John Preston, 56, fell and broke his hip while trying to replace a lightbulb recently.
After being admitted from the emergency department, he was put in a sunroom with no washroom or call button for a nurse.
Instead, he was given a commode and a hotel counter bell, which Preston said was useless in calling for help when he needed it.
“The sunroom is not proper for a guy who is in medical need,” Preston told Global News Monday.
“This one night I was in real bad pain and I just kept on banging (the bell) and nobody came and I took that thing and I threw it on the floor and still nobody came. Nobody came until they wanted to come in there.”
He said nurses told him they had to wait for a security guard before coming into his room. “For what?” he said. “For me with a broken hip?”
Preston said it is not the nurses’ fault but he’s angry and frustrated at the situation he has found himself in.
“I would like to have a new hospital,” he said.
“I understand the situation of what’s going on around here, and I think there’s no way we can adjust it. We just have to take it day by day, I guess.”
Jan Robinson, Preston’s sister, said the room has a fantastic view but there’s nothing in the room to help someone heal.
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“He has a commode there, and when I went up yesterday there was no catchbasin in there,” she said. “Even if he wanted to use the commode, he couldn’t.
And the bell, he did try ringing the bell, nobody came, he threw it, he broke it. They came in, ‘oh the bell is broken, here we’ll give you a new one’.
Robinson said there is no way to contact any staff and if the nurses are away from the desk they are not going to hear him.
She said the nurses are doing everything they can her brother is receiving good care but the conditions of the hospital are not acceptable.
They are also concerned about racial profiling.
Robinson said on Sunday they talked to the clinical nurse lead about the room conditions and she had asked Preston how he had injured himself. When Preston told her, Robinson said the lead asked him how much he had been drinking at that time.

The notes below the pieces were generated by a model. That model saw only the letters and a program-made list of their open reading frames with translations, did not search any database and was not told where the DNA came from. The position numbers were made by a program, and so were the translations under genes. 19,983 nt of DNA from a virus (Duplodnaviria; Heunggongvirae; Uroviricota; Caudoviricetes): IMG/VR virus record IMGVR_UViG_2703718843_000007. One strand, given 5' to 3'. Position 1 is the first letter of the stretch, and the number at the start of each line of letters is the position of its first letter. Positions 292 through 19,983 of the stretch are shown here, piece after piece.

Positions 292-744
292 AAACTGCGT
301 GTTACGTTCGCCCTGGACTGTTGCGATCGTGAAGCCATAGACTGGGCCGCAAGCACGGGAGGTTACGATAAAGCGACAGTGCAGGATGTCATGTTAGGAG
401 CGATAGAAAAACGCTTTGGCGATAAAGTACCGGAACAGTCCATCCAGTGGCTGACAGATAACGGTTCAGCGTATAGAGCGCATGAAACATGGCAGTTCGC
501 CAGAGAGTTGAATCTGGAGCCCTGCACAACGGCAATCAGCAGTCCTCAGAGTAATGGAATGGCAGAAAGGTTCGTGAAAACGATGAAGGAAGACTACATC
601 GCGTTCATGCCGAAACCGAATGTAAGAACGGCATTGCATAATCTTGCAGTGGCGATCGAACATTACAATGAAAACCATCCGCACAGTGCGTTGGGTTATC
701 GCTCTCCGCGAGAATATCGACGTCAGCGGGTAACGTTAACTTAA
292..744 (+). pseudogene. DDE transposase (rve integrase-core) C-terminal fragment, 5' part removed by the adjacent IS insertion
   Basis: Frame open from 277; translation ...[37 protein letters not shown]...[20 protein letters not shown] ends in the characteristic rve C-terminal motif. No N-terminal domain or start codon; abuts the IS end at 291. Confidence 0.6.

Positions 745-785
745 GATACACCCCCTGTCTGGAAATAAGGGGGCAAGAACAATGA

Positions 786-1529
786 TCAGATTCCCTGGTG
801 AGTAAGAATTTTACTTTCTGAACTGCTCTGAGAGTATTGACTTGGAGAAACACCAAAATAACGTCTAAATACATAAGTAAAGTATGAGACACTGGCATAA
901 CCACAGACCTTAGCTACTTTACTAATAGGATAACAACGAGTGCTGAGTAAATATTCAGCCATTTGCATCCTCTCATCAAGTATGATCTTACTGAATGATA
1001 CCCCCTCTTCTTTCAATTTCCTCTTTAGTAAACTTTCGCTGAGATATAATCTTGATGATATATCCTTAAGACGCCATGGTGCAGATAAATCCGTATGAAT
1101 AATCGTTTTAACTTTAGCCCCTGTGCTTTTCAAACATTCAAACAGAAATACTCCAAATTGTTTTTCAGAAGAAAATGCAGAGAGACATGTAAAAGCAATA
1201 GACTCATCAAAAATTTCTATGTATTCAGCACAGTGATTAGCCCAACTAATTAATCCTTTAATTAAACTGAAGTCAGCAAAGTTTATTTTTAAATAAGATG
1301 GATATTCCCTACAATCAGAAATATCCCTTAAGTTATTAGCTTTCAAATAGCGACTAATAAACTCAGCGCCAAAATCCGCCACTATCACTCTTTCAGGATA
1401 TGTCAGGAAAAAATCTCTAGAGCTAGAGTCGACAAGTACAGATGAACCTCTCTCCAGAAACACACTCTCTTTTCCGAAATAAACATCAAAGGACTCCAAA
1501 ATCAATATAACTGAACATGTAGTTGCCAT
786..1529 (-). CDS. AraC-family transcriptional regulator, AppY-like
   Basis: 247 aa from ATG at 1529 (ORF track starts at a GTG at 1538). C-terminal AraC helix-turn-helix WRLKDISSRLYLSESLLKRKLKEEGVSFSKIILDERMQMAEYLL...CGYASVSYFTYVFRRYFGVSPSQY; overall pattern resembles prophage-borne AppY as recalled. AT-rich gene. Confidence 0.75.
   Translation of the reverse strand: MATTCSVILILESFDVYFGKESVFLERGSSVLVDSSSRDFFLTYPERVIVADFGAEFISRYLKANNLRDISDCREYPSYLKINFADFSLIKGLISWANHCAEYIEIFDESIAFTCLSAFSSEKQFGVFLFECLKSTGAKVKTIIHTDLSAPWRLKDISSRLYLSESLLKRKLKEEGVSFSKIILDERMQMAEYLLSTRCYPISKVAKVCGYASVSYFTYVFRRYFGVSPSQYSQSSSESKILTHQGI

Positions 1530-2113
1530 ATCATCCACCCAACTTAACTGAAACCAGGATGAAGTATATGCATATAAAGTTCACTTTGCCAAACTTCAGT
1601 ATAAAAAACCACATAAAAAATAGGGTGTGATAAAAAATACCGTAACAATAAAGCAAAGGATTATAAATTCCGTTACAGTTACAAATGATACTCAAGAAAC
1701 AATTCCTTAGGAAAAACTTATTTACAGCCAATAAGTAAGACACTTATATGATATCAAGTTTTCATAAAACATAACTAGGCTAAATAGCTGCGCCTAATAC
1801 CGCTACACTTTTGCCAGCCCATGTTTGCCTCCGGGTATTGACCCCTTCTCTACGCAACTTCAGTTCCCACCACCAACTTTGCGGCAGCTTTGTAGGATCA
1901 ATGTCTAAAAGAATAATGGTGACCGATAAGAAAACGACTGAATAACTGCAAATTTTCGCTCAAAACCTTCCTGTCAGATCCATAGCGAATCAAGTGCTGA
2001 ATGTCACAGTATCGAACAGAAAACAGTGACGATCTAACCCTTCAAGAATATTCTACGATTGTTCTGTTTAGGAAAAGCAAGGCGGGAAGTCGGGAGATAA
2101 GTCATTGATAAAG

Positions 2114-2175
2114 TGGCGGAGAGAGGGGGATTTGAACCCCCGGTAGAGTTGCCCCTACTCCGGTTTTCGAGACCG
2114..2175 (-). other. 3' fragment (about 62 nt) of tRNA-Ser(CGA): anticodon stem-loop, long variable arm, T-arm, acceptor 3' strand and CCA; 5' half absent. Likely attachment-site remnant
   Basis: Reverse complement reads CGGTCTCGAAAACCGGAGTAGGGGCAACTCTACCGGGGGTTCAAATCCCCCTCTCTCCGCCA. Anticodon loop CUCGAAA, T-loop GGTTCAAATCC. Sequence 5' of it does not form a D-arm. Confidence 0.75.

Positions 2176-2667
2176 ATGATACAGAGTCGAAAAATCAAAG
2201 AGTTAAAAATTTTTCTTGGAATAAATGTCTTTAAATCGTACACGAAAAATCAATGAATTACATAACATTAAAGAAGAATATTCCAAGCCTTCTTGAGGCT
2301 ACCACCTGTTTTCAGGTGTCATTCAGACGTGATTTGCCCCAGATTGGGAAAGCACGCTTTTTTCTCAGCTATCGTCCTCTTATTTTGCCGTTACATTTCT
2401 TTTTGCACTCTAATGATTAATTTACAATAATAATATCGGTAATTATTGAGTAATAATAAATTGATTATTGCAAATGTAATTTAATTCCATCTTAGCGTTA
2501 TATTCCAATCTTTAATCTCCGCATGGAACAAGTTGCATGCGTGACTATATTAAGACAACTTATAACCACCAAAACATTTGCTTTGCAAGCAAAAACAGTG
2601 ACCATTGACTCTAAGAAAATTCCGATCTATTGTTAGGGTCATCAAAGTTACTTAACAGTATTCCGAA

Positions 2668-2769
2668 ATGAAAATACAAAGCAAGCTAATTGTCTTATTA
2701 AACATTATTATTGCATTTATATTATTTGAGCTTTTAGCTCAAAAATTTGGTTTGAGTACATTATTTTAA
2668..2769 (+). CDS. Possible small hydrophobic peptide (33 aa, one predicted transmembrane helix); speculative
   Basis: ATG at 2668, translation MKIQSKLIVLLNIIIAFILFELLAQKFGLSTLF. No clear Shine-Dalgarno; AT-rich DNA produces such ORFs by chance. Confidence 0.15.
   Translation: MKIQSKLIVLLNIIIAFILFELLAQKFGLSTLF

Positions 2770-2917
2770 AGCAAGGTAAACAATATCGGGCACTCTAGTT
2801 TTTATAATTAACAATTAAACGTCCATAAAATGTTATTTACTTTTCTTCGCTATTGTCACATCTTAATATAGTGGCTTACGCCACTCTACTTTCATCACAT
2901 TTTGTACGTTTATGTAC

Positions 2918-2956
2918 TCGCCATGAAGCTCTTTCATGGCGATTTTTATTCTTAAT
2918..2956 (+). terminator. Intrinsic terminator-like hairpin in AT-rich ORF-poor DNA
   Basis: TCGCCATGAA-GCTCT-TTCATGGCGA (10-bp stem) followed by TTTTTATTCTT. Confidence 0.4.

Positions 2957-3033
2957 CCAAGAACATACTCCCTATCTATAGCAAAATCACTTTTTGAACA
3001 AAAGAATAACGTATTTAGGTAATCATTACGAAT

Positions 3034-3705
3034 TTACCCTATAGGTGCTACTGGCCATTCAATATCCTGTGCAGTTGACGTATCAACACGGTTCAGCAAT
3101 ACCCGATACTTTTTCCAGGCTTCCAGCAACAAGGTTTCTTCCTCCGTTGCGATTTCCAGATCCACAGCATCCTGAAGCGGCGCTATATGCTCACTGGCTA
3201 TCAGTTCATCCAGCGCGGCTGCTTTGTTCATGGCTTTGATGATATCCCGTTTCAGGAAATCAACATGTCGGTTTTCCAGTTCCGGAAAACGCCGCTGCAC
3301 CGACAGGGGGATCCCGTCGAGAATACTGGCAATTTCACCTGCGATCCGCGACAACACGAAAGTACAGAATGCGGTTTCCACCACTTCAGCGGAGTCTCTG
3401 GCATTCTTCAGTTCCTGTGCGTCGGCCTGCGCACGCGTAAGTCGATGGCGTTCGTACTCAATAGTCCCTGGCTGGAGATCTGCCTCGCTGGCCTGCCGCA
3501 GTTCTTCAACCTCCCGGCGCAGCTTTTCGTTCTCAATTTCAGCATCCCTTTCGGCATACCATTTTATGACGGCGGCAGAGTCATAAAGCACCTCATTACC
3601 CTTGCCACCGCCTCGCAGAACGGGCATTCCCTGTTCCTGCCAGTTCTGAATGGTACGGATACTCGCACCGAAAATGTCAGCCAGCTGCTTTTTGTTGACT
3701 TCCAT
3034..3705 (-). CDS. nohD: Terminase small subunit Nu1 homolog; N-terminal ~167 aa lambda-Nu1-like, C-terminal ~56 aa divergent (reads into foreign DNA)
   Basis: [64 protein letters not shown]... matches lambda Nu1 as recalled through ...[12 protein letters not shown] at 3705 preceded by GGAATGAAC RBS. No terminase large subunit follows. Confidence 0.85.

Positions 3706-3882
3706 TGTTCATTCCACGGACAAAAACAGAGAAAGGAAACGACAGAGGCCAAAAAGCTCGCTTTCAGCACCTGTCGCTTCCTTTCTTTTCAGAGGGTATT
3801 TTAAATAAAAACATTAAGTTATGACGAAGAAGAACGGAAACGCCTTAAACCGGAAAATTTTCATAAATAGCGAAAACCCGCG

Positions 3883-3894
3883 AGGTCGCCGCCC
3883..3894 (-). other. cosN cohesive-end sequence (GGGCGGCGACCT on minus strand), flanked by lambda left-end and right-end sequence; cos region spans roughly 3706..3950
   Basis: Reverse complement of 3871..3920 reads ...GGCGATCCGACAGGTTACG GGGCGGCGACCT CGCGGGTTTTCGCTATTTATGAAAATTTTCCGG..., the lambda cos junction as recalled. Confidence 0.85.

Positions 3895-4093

“That has nothing to do with the room situation and if she had read the chart before she came in she would have seen that there was no alcohol involved and it wasn’t an issue,” Robinson added.
“This type of stereotyping, it’s got to stop.”
In a statement to Global News, Island Health said they are always concerned when the care received does not meet a client’s expectation and they take all complaints seriously.
“Hospitals all across our region – and across B.C. – are incredibly busy and capacity issues are an ongoing challenge, particularly when the COVID-19 pandemic and seasonal illnesses continue to affect the population,” the organization said.
“We never turn patients away and our goal is always to deliver high quality, culturally safe care in an environment of continuous improvement.”
Island Health said when the hospitals are busy, some patients are cared for in temporary places, including sunrooms.
“These situations are temporary while patients await transition to a unit or room, and we ensure the delivery of appropriate care and appropriate staffing levels.”
Robinson said they are looking at making a formal complaint against the hospital.
“The public needs to be aware of what our health system is going through,” she added. “We’re in a crisis. And it’s not towards the staff, they’re working within that crisis.
“We need help.”
— with files from Kylie Stanton